The announcement of the Opioid Crisis as a National Emergency was an attempt by the White House to bring awareness and knowledge to this very urgent matter. On November 1, the appointed Commission on Combating Drug Addiction released their Final Report. Usually, recommendations given in task force commission reports are the guiding post for practice changes and are based on driven knowledge and proven protocols for best outcomes. Within the first several pages of the 138-page report, it is clear, as members of the practice industry, this report cannot be taken as a whole for practice change.
On page 12 of the report, the SBIRT model is mentioned as a screening tool recommended for use:
“Opioid Addiction Prevention: The Commission recommends that Department of Education (DOE) collaborate with states on student assessment programs such as Screening, Brief Intervention and Referral to Treatment (SBIRT). SBIRT is a program that uses a screening tool by trained staff to identify at-risk youth who may need treatment. This should be deployed for adolescents in middle school, high school and college levels. This is a significant prevention tool.”
For those experienced in the Addiction Medicine field and with a dedication to serving disparity population, this is a glaring problem. The SBIRT was developed for screening adults, NOT children. In the toolkit, there are guidelines on drinking misuse specific for only adults with risky drinking defined by age and number of alcohol consumed each day and week.
The Audit C and the DAST 10, which are part of the SBIRT model, were developed and standardized for adult screening. They were not developed and standardized for use with adolescents. Rather, the proper screening tool for adolescents is the CRAFFT. It has demonstrated high validity and reliability with disparity communities and can be implemented in a school setting. The SBIRT was developed to be used within a primary care or co-located care setting. To use an evidence-based practice model out of context of its indicated best outcome method is not sound practice. Using a screening tool outside of the indicated population the tool was standardized for will only lead to loss of true effective interventions, as well as false negatives equating to losses in dollars and most importantly, losses in lives. There would be continued frustration in care for those most vulnerable with the fewest resources.
Recommendation #18 of the Commission states:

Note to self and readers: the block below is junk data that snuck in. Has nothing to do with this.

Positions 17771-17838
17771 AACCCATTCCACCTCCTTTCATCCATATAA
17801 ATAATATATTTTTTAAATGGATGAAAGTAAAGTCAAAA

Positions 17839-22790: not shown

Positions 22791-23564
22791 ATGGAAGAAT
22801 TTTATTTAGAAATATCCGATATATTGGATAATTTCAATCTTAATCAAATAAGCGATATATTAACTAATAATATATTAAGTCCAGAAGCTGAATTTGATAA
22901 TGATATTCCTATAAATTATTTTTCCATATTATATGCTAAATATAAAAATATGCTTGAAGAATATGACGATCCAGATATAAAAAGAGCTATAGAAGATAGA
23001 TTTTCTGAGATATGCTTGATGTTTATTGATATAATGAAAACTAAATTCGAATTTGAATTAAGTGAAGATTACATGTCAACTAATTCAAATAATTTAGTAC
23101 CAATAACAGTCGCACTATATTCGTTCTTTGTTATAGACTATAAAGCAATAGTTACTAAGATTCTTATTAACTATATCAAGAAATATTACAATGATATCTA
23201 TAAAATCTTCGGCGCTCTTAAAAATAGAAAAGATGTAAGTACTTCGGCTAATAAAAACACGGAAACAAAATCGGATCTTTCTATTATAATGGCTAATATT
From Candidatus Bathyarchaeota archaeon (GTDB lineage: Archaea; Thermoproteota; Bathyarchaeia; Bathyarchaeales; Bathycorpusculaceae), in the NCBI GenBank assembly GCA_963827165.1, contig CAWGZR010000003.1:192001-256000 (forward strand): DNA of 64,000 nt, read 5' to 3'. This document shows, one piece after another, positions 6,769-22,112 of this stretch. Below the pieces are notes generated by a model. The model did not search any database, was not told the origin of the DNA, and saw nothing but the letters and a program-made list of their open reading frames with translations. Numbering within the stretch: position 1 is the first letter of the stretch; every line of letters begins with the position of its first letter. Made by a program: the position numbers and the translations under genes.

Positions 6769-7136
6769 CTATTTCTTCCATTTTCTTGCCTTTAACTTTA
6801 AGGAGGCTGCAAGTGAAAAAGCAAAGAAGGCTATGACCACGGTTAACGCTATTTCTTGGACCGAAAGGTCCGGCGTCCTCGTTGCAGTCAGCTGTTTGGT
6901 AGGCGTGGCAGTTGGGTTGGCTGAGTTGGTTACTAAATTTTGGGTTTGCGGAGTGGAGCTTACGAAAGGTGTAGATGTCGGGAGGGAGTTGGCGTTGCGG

“The Commission recommends that CMS remove pain survey questions entirely on patient satisfaction surveys, so that providers are never incentivized for offering opioids to raise their survey score. ONDCP and HHS should establish a policy to prevent hospital administrators from using patient ratings from CMS surveys improperly.”
The pain survey developed and approved by the National Quality Form is to ensure follow-up and best practices in treatment protocol with the consumer’s report on pain for good care. This measure, #131 (NQF 0420), required the treating physician to be responsive and responsible to pain treatment protocol. It does not require or is linked to a prescriptive opioid medication. The physician is penalized if they did not report follow-up; they are not penalized for not providing opioid. Taking this measure set away relieves the physician of the responsibility for pain management follow-up, and it actually increases the chance of self-medication which has been indicated as a major starting point for addiction. Taking away this measure only serves to stigmatize the treatment population for the experience and need of pain management treatment. The focus here should be on the pain protocols available and the engagement and knowledge of the treating physician for alternatives to opioid prescribing.
Recommendation #36 of the Commission mentions Parity as it relates to the Paul Wellstone and Pete Domenici Mental Health Parity and Addiction Equity Act of 2008:
“The Commission recommends that federal and state regulators should use a standardized tool that requires health plans to document and disclose their compliance strategies for nonquantitative treatment limitations (NQTL) parity. NQTLs include stringent prior authorization and medical necessity requirements. HHS, in consultation with DOL and Treasury, should review clinical guidelines and standards to support NQTL parity requirements. Private sector insurers, including employers, should review rate-setting strategies and revise rates when necessary to increase their network of addiction treatment professionals.”
The work toward the implementation of MHPAEA across market products is essential. However, a survey design is not enough to hold insurers accountable for true access to care. Several states have been well advanced in Parity implementation with annual Parity compliance self-reports required for participating insurers in their state’s marketplace; some of these states continue to have litigation cases for Parity violation litigation. Marketplace conduct cannot be assessed by self-report alone. Marketplace conduct must be more rigorously monitored and responsibility must be more clearly defined.
As much as there are concerns in this Report, it is necessary to read and understand it. Understanding where the Commission is lacking shines light on where we must develop effective strategies and build a shared dialogue on moving forward based on experience, expertise, commitment, and a drive to serve.